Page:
Outsourcing legal work to a vendor, law firm or overseas resource has become an increasingly favorable trend for law firms. Streamlined by new technology, LPO continues to cut expenses and reduce workload overflow. It can be a huge factor in scaling your business and managing workflow. LPO technology firms that market to the legal industry are on the rise. They’ll be coming after you in 2017 to present their case. When they do, listen.

Reviews and testimonials

Adding positive reviews to Google+, Yelp and Avvo is critical to growing your business and managing your reputation. 72 percent of consumers said they trusted companies more when they have positive customer reviews, according to a BrightLocal survey in 2014. The number of people reading online reviews is increasing, so take steps to post reviews in 2017. If you can’t get customers to go on record, that’s OK. According to the data, consumer trust increases even when the reviews are anonymous.

Portals and online document repositories

Cloud-based online document repositories provide secure, on-demand access to records for you, your clients, and your team members. You can store, organize, view, and change files.

More customers want instant gratification and access to their documents and records. It’s relatively easy to set up, makes for a better consumer experience, and can save you time from fielding emails and sending attachments. Make sure your clients have this access in 2017!

So there you have it. Six new trends that aren’t entirely new, per se, but are increasingly important as our industry ventures forth into the brave new world of 2017.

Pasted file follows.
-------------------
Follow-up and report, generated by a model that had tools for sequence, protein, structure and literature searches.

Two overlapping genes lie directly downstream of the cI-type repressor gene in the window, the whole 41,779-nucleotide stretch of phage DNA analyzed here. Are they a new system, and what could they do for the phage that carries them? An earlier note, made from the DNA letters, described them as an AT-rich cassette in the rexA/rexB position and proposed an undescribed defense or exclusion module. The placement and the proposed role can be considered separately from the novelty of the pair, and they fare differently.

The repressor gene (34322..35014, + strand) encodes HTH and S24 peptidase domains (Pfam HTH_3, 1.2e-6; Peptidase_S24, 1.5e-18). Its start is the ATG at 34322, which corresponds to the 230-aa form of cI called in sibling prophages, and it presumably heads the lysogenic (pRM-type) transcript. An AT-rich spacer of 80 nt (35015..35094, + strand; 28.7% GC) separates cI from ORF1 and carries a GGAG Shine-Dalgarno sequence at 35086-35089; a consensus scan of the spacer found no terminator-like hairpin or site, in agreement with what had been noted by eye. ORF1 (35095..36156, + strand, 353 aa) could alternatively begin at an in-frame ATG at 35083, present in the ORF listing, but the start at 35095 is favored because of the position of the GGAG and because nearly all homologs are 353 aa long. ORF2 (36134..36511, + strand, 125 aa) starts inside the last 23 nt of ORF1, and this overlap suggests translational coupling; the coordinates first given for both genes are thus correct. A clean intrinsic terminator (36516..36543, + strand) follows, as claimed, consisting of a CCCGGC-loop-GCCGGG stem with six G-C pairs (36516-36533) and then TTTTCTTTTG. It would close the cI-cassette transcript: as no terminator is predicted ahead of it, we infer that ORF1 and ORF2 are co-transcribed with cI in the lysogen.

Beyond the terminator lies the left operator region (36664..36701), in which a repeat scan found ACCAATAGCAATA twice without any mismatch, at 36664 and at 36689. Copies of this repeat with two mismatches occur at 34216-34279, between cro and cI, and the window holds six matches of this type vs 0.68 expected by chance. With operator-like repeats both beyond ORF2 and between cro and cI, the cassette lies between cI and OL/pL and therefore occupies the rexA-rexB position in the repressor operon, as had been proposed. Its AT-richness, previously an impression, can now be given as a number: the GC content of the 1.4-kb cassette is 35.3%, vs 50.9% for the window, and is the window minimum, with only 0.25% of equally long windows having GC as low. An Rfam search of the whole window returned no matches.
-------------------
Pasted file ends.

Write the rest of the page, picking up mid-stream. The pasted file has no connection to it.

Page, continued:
Lawyers like to err on the side of caution. Many of us are slow to embrace new technology or rock the boat. Historically, we get hung up asking ourselves whether we can afford to take such risks.

But what we need to be asking is: Can we afford not to?

At the end of 2016, the answer is a resounding no.

How Is Healthcare for Children Handled After Divorce?

One very important, yet often overlooked, aspect of the outcome of a divorce is providing healthcare to children. Who’s responsible for the cost, and how is this determined? How do healthcare expenses get weighed among other expenses? Here, we’ll take a broad look at the issue of a child’s healthcare post-divorce.

The most general and common rule of thumb in this matter is that the parent who claims the child or children on their tax return as dependents, is the parent who is responsible for obtaining and paying for healthcare insurance. Keep in mind that the parent claiming the child as a dependent is not always the custodial parent, so that’s another issue to consider on its own.

Whether both parents have a full-time employer, and have health-insurance through that employer, also factors in. If only one parent has health insurance from his or her employer, it will in all likelihood be that parent who provides healthcare insurance to the child. If both parents have health insurance policies from their employers, then a primary and secondary policy can be dictated.

Beyond that, there are also additional and related costs to take into account outside of the actual insurance premiums. Consider the costs of co-pays, deductibles, medication, non-covered expenses, and all the rest that factors into a child’s actual health and wellbeing. These expenses may be hashed out as part of the divorce settlement itself.